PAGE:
In 2020 Nick Dal Santo called Pendlebury the greatest Magpie of all time. "Has there ever been a better ambassador not only of the Pies but the game of AFL in Australia?" he said. And Jo Crawford-Wynd, his former Country Victoria basketball coach, paid tribute to how he could anticipate other people's moves. "If you ever play rock, paper, scissors with him, good luck," he said.

What football fans love about Pendlebury is the beauty in which he plays the game. The effortless stride, how he can absurdly squeeze a handball through heavy traffic filled with flailing arms and legs and make it look easy. Although he's not a prolific goal kicker, he does stand up when the game calls for a sneaky sealer, a steadier - the crucial majors. Most of the time though he's creating goals and making his team mates look better.

As the AFL has moved into a new era of player development where everyone is looking for a midfield bull with size, and teams are trying to win match-ups with tall wings and speed off half back, Pendlebury continues to be who he's always been. Doing what's worked for him and operating rather unbothered by the tidal wave of a new football class. The humility in which he played his football has made him adored by his peers mostly because he's never really sipped the kool-aid of his own talent.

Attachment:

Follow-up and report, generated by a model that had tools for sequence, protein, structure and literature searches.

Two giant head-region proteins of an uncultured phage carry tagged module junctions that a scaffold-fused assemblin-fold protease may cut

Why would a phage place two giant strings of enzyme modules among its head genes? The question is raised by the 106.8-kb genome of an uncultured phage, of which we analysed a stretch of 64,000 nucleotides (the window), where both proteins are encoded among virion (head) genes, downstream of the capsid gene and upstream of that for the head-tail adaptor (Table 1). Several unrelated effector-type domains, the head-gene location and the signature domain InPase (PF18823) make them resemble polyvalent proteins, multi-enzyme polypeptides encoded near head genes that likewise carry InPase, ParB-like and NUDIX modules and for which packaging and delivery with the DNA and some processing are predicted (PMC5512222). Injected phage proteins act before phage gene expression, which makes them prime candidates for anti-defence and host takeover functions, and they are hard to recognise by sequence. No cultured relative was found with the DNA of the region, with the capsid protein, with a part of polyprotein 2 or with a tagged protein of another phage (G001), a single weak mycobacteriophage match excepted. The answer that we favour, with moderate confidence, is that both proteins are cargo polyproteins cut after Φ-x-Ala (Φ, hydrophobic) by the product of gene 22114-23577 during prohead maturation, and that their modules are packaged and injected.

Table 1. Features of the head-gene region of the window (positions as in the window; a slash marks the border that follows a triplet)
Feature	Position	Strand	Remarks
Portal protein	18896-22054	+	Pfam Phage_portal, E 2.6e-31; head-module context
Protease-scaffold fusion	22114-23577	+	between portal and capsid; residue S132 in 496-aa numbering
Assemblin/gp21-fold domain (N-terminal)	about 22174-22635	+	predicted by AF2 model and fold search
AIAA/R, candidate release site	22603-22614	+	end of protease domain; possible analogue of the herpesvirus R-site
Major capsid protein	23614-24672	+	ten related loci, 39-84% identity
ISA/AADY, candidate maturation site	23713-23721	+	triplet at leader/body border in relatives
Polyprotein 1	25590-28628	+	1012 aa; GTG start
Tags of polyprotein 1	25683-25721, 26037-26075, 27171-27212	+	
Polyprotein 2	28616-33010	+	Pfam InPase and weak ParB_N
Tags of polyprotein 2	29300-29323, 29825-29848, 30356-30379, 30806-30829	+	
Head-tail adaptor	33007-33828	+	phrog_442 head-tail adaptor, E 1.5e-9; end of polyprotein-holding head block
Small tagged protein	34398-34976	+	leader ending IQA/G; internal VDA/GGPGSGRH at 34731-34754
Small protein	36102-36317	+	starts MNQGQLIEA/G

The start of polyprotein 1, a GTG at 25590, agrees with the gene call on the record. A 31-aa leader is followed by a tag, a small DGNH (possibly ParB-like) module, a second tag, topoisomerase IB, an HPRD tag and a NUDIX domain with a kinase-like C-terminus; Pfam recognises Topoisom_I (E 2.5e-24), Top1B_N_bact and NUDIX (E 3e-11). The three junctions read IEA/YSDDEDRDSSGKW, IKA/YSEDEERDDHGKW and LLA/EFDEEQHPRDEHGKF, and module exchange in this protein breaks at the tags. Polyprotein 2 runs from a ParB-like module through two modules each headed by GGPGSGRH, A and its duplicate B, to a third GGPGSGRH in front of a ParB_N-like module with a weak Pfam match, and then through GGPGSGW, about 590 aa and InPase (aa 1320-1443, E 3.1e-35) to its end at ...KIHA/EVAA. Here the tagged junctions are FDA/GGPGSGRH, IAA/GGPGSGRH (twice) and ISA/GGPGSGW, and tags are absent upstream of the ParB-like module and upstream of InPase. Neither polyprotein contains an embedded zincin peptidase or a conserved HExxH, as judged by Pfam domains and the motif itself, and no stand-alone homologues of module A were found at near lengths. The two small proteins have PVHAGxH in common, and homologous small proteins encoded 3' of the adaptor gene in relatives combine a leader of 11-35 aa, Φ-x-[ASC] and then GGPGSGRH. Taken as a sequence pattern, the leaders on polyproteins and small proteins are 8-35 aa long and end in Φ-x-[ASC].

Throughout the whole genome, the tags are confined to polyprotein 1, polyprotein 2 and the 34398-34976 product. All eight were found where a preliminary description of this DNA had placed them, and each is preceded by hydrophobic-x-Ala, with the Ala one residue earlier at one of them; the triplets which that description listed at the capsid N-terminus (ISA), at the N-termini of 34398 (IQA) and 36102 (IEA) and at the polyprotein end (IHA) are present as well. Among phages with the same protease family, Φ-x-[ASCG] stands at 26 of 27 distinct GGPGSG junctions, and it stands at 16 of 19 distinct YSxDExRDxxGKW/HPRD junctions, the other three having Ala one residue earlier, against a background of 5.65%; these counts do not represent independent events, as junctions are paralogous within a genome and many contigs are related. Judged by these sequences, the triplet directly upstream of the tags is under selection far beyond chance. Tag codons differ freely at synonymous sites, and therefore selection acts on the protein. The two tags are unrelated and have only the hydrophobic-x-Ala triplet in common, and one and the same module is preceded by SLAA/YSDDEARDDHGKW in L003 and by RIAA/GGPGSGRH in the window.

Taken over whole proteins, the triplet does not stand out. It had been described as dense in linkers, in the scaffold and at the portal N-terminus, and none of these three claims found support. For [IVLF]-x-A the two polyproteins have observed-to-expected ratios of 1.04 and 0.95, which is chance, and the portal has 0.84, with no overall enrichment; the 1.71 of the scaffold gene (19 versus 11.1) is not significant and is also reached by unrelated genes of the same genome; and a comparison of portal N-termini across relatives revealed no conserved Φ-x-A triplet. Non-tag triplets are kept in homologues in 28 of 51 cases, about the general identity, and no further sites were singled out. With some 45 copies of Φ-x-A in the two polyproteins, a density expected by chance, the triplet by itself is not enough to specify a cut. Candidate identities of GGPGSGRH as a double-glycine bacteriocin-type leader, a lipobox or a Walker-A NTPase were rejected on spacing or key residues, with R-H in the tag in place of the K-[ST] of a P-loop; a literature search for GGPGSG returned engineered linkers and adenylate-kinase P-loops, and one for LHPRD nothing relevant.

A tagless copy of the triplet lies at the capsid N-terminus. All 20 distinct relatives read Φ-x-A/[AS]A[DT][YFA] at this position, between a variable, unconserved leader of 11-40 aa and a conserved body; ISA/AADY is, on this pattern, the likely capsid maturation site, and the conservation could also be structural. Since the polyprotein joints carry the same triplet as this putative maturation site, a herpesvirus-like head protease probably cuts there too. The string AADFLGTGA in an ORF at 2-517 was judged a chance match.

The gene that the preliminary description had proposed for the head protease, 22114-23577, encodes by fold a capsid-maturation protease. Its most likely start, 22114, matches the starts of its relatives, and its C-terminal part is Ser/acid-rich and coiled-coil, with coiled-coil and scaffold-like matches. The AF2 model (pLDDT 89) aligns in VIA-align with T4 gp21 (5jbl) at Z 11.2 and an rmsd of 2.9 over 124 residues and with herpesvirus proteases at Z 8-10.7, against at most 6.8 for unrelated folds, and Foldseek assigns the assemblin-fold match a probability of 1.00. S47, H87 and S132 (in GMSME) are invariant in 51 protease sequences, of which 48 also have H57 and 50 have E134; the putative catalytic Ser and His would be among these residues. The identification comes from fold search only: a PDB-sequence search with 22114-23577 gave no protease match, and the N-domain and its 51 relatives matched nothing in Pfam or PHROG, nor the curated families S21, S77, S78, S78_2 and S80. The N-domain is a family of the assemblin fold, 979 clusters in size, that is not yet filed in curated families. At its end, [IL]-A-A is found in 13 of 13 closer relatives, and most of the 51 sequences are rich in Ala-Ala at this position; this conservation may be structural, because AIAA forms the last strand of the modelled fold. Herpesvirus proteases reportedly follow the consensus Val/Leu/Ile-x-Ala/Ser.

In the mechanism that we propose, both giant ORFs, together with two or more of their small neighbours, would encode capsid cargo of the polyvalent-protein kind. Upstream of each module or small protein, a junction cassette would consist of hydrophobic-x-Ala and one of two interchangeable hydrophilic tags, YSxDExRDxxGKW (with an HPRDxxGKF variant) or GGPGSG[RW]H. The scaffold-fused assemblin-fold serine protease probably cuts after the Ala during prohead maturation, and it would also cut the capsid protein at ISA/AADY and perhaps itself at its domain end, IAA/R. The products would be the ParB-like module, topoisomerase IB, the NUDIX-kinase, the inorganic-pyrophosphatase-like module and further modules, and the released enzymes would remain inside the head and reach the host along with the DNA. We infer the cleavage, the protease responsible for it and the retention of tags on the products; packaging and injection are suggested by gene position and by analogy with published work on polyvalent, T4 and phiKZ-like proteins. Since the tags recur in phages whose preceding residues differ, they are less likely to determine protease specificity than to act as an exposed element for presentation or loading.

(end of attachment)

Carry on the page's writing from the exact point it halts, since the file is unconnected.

At the end of this season his latest two-year contract expires. Coming into 2023, he's played 358 games, just less than two full seasons short of of the colossal milestone of 400 games played. We don't know if Pendlebury will go another year -- or two -- or not.

But we will get to watch him across half back taking calculated risks, instilling a sense of calm, instructing, reading the play as he does. He'll dupe his opposition with dancing feet and A-grade footy IQ. He'll still be able to suspend time and make good decisions. He might not be in the thick of it as a midfielder anymore but he's still going to do things at which we will continue to marvel.